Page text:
Earlier today I saw the Robert John Meehan quote in the illustration below.
"It shouldn't matter how slowly a child learns as long as we are encouraging them not to stop."
It's a great quote and applies equally to all of us whether we're helping others to learn or learning ourselves.
People learn at different speeds. We will learn some things quickly, some more slowly, some not at all. We won't always learn at the same speed. We won't all be as interested in the same subjects or the same aspects of subjects. Giving encouragement to those learning is essential whether you're a teacher, parent or friend. We all love receiving validation for our efforts and it spurs us on to do more. It’s important not to let the validation become more important than the reasons for learning though.
Giving encouragement to those learning is essential
If we are made to feel silly because of judgement on what we choose to spend our time learning, that we didn't do well enough in a test or that we aren't learning fast enough we will probably give up. Stress ultimately kills enthusiasm. We may not give up immediately but negative reactions or results too often, over too long a period, are likely to arrive at that outcome sooner or later. No one wins when that happens.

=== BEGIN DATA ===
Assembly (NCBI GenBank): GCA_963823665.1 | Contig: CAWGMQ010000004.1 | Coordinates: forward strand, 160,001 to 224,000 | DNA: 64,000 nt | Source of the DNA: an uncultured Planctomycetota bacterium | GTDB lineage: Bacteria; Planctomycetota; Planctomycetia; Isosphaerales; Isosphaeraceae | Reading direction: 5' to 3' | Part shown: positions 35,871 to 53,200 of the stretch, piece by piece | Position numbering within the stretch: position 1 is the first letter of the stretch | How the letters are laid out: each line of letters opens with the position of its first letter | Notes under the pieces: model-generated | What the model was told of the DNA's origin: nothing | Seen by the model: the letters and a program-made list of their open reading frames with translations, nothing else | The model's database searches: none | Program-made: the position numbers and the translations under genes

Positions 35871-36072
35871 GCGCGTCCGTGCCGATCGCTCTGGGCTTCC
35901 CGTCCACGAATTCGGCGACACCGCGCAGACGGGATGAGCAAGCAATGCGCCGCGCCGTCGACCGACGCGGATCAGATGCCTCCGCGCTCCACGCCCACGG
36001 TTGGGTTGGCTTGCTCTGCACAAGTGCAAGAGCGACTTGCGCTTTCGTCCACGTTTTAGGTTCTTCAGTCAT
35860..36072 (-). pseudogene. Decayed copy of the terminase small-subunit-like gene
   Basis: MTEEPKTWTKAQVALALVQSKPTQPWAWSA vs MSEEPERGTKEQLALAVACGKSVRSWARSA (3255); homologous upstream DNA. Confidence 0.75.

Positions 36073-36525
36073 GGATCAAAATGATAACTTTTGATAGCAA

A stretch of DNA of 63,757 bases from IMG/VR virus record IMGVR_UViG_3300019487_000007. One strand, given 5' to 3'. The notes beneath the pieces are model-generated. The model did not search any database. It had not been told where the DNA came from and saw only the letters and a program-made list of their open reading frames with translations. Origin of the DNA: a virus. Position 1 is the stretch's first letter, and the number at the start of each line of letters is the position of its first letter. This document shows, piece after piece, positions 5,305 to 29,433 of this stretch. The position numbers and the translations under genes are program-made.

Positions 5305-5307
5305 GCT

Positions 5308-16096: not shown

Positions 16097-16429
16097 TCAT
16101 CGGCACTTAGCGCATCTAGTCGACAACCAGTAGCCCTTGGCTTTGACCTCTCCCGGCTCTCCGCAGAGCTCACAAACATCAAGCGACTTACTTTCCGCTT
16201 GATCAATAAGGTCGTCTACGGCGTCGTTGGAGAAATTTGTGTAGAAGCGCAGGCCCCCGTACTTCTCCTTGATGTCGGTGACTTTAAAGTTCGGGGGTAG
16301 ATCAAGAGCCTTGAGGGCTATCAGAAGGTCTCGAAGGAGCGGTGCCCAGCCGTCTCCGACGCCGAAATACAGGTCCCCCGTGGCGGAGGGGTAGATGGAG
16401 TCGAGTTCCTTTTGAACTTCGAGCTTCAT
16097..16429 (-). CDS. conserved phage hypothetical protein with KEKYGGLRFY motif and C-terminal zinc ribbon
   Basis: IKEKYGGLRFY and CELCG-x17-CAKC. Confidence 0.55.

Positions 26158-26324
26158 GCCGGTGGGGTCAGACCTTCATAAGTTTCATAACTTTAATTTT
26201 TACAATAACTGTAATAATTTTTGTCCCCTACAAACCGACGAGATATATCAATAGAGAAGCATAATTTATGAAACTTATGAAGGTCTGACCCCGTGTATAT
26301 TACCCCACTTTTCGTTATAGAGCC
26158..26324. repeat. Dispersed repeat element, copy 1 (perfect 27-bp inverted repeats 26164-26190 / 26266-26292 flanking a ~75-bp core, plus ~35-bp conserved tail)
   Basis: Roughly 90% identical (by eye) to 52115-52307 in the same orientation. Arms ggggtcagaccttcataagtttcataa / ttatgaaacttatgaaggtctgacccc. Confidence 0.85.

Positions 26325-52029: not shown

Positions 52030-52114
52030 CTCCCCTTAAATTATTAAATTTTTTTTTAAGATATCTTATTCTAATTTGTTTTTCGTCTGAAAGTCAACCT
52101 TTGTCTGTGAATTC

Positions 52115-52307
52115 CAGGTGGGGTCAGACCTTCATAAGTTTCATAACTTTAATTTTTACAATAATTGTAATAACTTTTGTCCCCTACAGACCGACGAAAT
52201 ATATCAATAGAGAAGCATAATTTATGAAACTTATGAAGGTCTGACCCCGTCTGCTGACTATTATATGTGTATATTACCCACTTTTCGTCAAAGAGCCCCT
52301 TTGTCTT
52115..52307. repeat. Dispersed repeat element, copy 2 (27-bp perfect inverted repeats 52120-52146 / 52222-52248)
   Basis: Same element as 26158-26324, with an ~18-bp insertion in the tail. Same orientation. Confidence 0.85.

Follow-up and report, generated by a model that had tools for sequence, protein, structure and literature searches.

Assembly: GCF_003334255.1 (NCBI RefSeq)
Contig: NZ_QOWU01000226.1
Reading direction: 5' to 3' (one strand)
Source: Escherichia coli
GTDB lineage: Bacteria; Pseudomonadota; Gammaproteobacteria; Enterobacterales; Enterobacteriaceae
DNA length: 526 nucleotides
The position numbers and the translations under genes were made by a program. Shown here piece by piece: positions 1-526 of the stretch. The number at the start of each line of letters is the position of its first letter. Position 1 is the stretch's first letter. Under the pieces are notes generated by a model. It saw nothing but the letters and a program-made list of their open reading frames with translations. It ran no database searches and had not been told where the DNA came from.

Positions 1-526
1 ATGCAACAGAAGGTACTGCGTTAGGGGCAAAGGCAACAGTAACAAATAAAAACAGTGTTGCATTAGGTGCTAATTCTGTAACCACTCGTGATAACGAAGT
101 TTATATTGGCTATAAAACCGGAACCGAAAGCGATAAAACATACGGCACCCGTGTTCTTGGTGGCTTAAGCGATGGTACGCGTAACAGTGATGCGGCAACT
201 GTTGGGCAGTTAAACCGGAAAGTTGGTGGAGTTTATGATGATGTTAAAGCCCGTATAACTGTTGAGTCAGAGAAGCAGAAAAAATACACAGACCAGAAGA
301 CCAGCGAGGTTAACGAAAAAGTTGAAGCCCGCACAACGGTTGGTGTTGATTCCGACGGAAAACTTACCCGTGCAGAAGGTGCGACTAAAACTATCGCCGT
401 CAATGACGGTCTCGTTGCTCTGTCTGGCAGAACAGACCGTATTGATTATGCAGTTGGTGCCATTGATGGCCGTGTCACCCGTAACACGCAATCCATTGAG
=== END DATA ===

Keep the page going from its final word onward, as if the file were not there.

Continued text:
It's worth taking a step back now and again to check that our learning is still fun. If not it's probably just become a habit and the learning has stopped. Try looking around for something else to do, a new way of applying the thing we are working on, changing the difficulty level etc. In short - find a way to make it engaging again when that happens or move on to something else.
We need to be patient with ourselves, and others of any age, to allow learning to take as long as it needs.
Some types of repetition are great and others not so much but repetition is inescapable. Thoughtful repetition is essential and can be fun. An element of problem solving in each repetition will gradually refine and improve a process. Repetition without thought reinforces what is already there but won't lead to any progress. Over time the process may well become worse as the care and attention put in initially loses definition and is replaced by a careless imitation.
As a society we tend to focus on children when we talk about learning but the same is true for adults too. A key difference is that children don't tend to put time limits on an activity. They are not frustrated so quickly and will repeat things over and over again until they get it. Their stresses tend to come out once adults apply more time sensitive parameters. A problem I come across over and again with adults is that if they can't learn something quickly they get frustrated very fast. "I should be able to do this", "Wish I'd done it when I was younger", "I'm too old to learn now". We need to be patient with ourselves, and others of any age, to allow learning to take as long as it needs.